Emilio Arrieta: La Conquesta di Granata
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Emilio Arrieta: La Conquesta di GranataEmilio Arrieta: La Conquesta di GranataEmilio Arrieta: La Conquesta di GranataEmilio Arrieta: La Conquesta di GranataEmilio Arrieta: La Conquesta di GranataEmilio Arrieta: La Conquesta di GranataEmilio Arrieta: La Conquesta di GranataEmilio Arrieta: La Conquesta di Granatav

Chris Webber on his magnificent zarzuela site discarded this recording. He was a bit disillusioned that the Teatro Real had not exhumed one of the composer’s later zarzuela’s instead of performing this youthful opera. Arrieta nowadays is mostly known by his masterpiece Marina which he reworked somewhat, eliminating all dialogues so that it could be performed as an opera (though the later Alfredo Kraus-EMI recording is a fine one should really listen to the tenor’s first version, recorded late fifties, early sixties. Stunning vocalism). Now if Webber thinks Arrieta’s unknown zarzuelas are musically far more rewarding than this La Conquista di Granata, they must be incredibly fine as the opera under review is already such a good listen. Of course, young Arrieta worked with a libretto writer who knew all the tricks of bel canto opera: Temistocle Solera of Nabucco fame. He knows all the ins and outs of romantic tragedy though even he cannot completely overcome some inbuilt problems. On first sight the opera is a tribute to the legendary queen Isabella of Castille who married king Ferdinand of Aragon; thereby creating a dual monarchy that in the 19th century became modern Spain (up to then Spain was only a geographical entity). But the real reason behind this  opera is a tribute to Isabella II, queen of Spain in Arrieta’s time. Therefore Solera could only produce the first Isabella as a paragon of virtue at the time of the conquest of Granada when the colonial muslim rulers were finally thrown out from the peninsula. He couldn’t give her lovers or have her kill adversaries as this would have been an insult to the reigning queen Isabella. The mezzo singing the historical queen has of course a big aria but for the rest the role is secondary and Solera turns back to the well known cliché of his time: muslims loving Christians and converting. This may sound not too convincing but obviously Arrieta was inspired enough to write a good score.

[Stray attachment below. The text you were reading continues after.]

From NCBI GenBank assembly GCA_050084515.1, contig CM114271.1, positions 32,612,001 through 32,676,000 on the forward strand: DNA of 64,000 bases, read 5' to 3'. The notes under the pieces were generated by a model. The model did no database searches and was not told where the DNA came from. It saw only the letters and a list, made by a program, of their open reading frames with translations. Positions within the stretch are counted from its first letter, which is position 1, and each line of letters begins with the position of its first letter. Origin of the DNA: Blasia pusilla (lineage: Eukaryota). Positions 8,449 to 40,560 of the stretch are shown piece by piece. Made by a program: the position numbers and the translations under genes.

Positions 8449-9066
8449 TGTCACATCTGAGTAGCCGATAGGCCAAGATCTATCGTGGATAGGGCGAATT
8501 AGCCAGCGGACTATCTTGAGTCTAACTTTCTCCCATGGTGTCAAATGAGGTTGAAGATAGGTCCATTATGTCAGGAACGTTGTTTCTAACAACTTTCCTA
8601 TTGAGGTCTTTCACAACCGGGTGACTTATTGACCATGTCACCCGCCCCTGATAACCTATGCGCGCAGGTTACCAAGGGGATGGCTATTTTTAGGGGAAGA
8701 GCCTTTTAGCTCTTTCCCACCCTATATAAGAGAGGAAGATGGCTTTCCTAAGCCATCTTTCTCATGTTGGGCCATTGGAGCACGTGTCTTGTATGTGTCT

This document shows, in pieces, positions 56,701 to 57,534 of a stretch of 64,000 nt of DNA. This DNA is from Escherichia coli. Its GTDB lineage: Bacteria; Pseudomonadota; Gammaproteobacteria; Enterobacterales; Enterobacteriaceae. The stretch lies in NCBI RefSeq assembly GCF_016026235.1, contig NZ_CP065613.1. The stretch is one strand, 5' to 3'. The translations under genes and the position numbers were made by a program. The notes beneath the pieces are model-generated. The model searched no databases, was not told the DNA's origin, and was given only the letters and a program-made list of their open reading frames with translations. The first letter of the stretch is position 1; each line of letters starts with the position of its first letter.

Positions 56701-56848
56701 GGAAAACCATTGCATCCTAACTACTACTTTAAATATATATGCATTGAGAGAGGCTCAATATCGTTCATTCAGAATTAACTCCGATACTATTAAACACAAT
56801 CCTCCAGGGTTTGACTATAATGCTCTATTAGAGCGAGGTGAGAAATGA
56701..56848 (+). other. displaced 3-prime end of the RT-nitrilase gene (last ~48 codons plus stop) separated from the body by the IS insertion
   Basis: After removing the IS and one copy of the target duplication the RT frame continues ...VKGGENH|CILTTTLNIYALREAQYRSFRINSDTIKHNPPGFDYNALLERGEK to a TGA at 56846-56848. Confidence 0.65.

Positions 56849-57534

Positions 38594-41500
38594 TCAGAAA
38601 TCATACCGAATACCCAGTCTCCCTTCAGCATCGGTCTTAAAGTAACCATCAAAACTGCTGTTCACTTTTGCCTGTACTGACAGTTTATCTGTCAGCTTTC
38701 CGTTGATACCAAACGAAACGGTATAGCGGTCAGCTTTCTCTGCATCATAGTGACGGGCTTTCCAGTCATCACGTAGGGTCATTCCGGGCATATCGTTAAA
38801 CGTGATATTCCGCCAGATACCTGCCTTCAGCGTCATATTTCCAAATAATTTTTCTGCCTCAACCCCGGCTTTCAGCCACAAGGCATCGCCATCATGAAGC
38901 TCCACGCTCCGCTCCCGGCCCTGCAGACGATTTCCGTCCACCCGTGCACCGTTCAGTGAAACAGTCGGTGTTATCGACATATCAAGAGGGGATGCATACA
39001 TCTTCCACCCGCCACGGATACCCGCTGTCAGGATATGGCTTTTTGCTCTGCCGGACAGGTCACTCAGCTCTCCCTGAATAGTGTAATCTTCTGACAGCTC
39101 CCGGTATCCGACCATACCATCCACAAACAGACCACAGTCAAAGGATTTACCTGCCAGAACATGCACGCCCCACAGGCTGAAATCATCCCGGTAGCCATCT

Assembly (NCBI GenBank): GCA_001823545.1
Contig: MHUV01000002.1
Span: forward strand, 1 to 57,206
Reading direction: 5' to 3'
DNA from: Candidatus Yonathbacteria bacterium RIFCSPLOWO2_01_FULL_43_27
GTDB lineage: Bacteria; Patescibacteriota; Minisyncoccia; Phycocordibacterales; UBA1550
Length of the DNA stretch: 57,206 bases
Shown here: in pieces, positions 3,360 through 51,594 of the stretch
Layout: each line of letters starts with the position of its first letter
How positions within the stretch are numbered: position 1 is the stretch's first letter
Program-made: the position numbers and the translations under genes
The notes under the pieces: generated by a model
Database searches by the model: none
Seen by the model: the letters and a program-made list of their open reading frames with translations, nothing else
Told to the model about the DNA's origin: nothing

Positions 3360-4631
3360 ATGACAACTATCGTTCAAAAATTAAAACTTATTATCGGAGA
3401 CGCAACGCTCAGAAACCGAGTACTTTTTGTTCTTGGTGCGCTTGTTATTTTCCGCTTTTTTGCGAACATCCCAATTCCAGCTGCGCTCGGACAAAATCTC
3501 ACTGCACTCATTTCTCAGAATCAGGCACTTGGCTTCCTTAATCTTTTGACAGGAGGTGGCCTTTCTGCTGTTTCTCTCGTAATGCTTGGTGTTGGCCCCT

Arrieta is above all a fine tune smith. He knows to write an aria that develops and finishes with a climax and he has already learned how to build an ensemble. Indeed there are reminiscences of late Donizetti and young Verdi. But what is wrong with that ? On the contrary the veteran collector is by now looking for these kind of scores: sing-able, melodious and at last something else than his beloved Verdi, Bellini or Donizetti. In the past Bongiovanni and Opera Rara succeeded often in recording operas by lesser luminaries like Rossi, Persiani, Ricci, Marchetti etc. but they often had a heavy handicap: the refusal of top or even very good  singers to learn just a score for a concert performance that could be recorded and so these interesting labels had to do with singers who couldn’t deliver the score as it ought to be. That is a marked difference with the recording under review. Jesus Lopez Cobos is a top conductor at the helm of te Madriline Orquesta and Chorus and he clearly believes in this opera; illuminating its beauties, driving it along while still giving solo singers leeway to indulge in a few top notes. It is a pity however cabalettas are sung only once and not twice as was the rule of the time. Tenor José Bros, once a comprimario to Alfredo Kraus, has now succeeded his former mentor, indeed somewhat resembling him in vocal colour and he has developed into a good lyric tenor with a fine top. Maria Cantarrero, a name up to now unknown to me, has an interesting lyric warm and passionate voice with good coloratura.  Ana Ibarra has a warm enveloping sound in her Isabella-scene. Alastair Miles has a lot of experience with belcanto-operas due to his connection with Opera Rara but still I think the voice too bland, not personal enough. All in all every opera buff would do well to invest in this recording instead of purchasing his 12th copy of Madama Butterfly.

Jan Neckers